When people first learned of FX’s reboot of the acclaimed Coen Brothers film Fargo, many wondered why anyone would take such a sacred film and try to turn it into a TV show. Of course, the TV version of Fargo went on to become one of the best shows of 2014, winning a Peabody Award, a Golden Globe, a pile of Emmys, and also the Golden Tomato Award for the best-reviewed miniseries of the year.
This time around, as Fargo reboots for season two, there will probably be less skeptics. Again, showrunner Noah Hawley will use the Fargo universe to tell a new story, rewinding the clock back to 1979, where a group of Minnesotans struggle through a series of events instigated by one fateful night at the local Waffle Hut.
Rotten Tomatoes chatted with Hawley about season two — and why good people who do good things are inherently uninteresting. [Warning: Contains season one spoilers.]
Sarah Ricard for Rotten Tomatoes: When you see what’s in your mind’s eye come to life on those sets, what’s it like?
Hawley: It’s cool. I work those people to the bone. It’s hugely ambitious — this year especially with the sort of scope of the story and the compressed amount of time we have to accomplish it. You know, we don’t make a 42-and-a-half minute show, and yet we’re making it in the same box that one has to make a 42-and-a-half-minute show. So there is an incredible amount of economy that goes into it, but seeing it unfold — those scenes you write — there are moments. I’m sure any writer would say the same thing. And then there are some moments you didn’t [expect].
There is a scene where Patrick [Wilson] comes home and Cristin [Milioti] gives him an ashtray that the daughter made, and I liked that scene when I wrote it, you know? I thought it did a lot to establish that we like these people and we want to be with them, and then we started shooting it, and it was a very emotional moment for him in a way that I did not expect at all.
It was so precise and profound and really makes that episode for him, where you know you love this guy. He’s carrying a heavy burden, and he’s never going to complain about it — but you see that it’s hard for him.
That elevates it for me. What I like about the challenge of doing this show is that it’s not good versus evil with a capital G, you know? These are decent people who are probably in over their heads with the forces that they’re facing, and that makes them more heroic to me than the guy you know is going to win — because Jack Bauer wins every time.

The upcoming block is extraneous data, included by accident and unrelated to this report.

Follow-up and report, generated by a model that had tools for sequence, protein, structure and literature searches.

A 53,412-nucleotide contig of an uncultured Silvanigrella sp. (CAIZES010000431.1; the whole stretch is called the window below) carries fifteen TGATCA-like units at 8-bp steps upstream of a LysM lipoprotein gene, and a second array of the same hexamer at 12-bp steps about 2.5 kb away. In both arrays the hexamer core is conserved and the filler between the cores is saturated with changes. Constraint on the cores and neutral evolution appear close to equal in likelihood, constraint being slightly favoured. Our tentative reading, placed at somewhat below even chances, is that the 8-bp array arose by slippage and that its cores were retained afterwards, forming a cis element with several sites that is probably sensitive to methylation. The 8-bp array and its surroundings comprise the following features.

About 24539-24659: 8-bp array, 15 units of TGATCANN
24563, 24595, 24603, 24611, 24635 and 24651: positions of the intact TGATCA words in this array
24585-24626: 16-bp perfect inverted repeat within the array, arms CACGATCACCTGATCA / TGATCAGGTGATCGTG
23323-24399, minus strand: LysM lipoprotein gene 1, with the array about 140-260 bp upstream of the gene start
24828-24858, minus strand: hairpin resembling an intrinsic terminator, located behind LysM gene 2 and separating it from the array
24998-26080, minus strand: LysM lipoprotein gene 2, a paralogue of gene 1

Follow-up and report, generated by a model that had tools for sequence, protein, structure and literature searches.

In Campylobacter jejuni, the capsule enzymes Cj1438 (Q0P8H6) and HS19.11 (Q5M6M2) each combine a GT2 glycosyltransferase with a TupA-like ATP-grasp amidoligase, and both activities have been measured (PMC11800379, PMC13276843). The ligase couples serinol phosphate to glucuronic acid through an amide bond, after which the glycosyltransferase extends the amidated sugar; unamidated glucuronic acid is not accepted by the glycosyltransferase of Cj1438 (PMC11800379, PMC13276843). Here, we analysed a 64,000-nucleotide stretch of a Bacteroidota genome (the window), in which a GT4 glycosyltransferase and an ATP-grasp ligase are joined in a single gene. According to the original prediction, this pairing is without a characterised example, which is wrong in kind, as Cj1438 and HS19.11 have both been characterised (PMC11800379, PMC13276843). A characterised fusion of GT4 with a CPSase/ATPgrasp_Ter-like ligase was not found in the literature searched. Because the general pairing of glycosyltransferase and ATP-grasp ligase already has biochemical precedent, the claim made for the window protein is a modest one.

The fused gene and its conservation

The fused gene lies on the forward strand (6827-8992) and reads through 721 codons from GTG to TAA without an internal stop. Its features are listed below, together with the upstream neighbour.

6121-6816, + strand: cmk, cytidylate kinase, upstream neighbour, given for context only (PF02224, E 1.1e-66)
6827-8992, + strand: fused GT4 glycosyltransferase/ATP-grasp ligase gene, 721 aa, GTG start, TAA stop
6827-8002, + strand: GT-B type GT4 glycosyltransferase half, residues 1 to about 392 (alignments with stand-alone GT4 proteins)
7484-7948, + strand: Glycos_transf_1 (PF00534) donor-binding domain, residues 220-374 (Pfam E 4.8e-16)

Rotten Tomatoes: So is that what draws you to sympathetic characters who do bad things?
Hawley: I got to watch, last year, our ninth episode with a crowd at the Austin TV Festival and it’s the hour where Lester sends his wife into the insurance office to get the passports and she gets out of the car, and then he calls to her, and you think, ‘Oh, is he going to stop her? Has he changed his mind?’ And he gives her his coat. His iconic orange coat. And then he stops her again and he tells her to put the hood up.
It’s so awful and watching it with a crowd of people was so great because there are three groans. There’s like, ‘I can’t believe he just sent her out there,’ and then it’s like, ‘I can’t believe he just gave her his coat,’ and then the hood. Then, of course, she’s promptly murdered, right?
That stuff is really exciting to play with because, it’s so morally dark, and it’s that moment where you really realize with Lester, ‘No, he’s is the monster.’
Malvo was the scorpion when you met him, and he’s just being a scorpion, but Lester is worse somehow. You met him, he was wearing human clothes, and now he turns out to be this monstrous person.
It was the same with Bill Macy, right? Like, you met him and you just thought, ‘Well, here’s this half-bumbling, hapless guy who made a bad choice and is in over his head,’ but then, every opportunity he had to stop it and own up, he didn’t. And it just kept going — the desperation. He just would not admit anything, you know? When they finally arrest him, he’s making these animal noises; it’s really powerful. So, if we can find our way to those kinds of stories, I think it’s really compelling.